Tualatin Council Approves Police Policy Recommendations

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(HENRY KAUS/TUALATIN LIFE)

The Tualatin City Council last month approved a series of recommendations for improving police policies and practices centered around the use of force, de-escalation and responding to persons in mental health crisis. 

The recommendations were part of a report that resulted from a series of community conversations on those topics held by the City in late 2020. The report found that while Tualatin residents overwhelmingly have a positive impression of the City’s police department, certain adjustments to policy were nonetheless needed going forward. 

“We’re not like a lot of cities in the US where there is a very rough relationship between the community and their police department,” Mayor Frank Bubenik said. “We’re in a very good position that we don’t have to deal with that. But we do have one main issue that we have to deal with.”  

Following the three public sessions held in October, November and December of last year, the final report recommends that the City examine six separate areas of policy with an eye toward making improvements. They are: 

  • Collaborating with regional partners to improve response to persons in mental health crisis.
  • Ensure that use of force policies emphasize using the least amount of force possible.
  • Ensure that use of force policies emphasize de-escalation techniques when reasonable.
  • Increase officer training to recognize persons in mental health crisis.
  • Increase officer training on cultural awareness and racial bias.
  • And provide more regular updates to the City Council and the community, particularly on traffic stop and use of force data, as well as any officer misconduct that might take place. 

The main issue at stake is also being discussed in the neighboring city of Tigard following the Jan. 6 shooting death by police of a man who witnesses say was in a mental health crisis at the time of his death.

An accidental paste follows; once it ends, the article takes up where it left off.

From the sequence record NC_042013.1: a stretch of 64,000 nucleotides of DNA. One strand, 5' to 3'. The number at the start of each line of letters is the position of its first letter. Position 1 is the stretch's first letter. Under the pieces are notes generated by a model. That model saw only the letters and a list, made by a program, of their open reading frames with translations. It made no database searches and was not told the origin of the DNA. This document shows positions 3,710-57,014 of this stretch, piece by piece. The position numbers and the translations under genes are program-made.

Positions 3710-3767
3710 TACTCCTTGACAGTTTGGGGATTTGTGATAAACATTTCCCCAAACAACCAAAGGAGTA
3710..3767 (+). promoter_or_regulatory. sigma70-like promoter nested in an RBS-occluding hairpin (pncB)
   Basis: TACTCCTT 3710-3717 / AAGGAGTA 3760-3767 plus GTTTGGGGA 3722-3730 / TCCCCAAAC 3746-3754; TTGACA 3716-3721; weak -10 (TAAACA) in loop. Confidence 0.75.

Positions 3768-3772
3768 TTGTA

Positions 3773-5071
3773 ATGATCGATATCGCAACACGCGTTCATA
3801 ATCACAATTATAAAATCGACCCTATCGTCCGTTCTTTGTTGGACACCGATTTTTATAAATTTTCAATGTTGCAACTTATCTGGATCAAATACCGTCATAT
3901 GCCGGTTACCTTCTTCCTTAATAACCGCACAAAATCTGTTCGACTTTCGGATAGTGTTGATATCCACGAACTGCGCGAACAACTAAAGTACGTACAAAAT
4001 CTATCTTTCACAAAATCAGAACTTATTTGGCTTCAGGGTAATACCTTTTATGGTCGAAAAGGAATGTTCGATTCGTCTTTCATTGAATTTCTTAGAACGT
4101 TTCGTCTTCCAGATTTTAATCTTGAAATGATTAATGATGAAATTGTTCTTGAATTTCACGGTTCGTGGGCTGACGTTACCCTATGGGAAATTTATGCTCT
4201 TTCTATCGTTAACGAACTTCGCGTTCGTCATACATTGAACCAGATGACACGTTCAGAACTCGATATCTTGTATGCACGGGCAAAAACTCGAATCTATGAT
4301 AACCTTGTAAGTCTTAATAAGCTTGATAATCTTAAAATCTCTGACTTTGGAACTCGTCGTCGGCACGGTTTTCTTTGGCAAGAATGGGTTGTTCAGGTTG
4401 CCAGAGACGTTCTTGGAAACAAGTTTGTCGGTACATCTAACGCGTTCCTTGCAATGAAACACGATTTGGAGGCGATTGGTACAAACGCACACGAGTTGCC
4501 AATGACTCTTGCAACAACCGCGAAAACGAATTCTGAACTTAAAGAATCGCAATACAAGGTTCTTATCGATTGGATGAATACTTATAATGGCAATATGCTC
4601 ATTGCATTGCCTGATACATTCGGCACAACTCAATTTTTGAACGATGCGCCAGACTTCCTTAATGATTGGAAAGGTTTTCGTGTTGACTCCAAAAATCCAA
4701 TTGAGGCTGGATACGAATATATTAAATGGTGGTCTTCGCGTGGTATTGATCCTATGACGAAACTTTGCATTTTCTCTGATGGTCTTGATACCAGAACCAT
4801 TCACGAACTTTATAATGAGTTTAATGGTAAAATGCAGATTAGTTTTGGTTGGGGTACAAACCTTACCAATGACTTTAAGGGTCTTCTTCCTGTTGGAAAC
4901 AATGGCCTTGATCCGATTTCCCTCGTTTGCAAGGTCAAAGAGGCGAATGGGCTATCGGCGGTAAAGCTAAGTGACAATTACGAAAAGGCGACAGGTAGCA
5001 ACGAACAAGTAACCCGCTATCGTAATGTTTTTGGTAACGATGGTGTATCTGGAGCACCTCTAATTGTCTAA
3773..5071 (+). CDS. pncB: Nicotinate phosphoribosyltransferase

“None of them were honestly a real surprise to us,” Police Chief Bill Steele said. “Some were ongoing, and some present some challenges that are going to be more difficult.” 

When it comes to responding to people in mental health crisis, Tualatin faces the same issues as the rest of the country. Officers are called upon all too frequently to handle situations they are not adequately trained for and would be better handled by mental health specialists. The big problem there is resources, which are scarce even during the best of times. 

However, Steele noted that Tualatin and other Washington County cities have resources available that many cities in Oregon do not. This includes a dedicated crisis intervention team and a mental health response team comprised of Sheriff’s deputies and mental health clinicians.  

“The biggest issue we have is making sure we have those resources available to our community in a timely manner,” Steele said. 

Future improvements in this area could include adoption of a mental health response model first used by the City of Eugene. Dubbed the Crisis Assistance Helping Out on the Streets, or CAHOOTS model, it uses nurses and EMTs and experienced mental health workers from the White Bird Clinic. Using City of Eugene vehicles, they are dispatched to situations involving people who are mentally ill, disoriented or intoxicated. Police officers are called in only when necessary. 

“Discussions are taking place to see what it would take to make that happen in our area,” Steele said. “There are a lot of steps underway to focus on to make sure we’re equipping our officers to handle these situations when they present themselves.”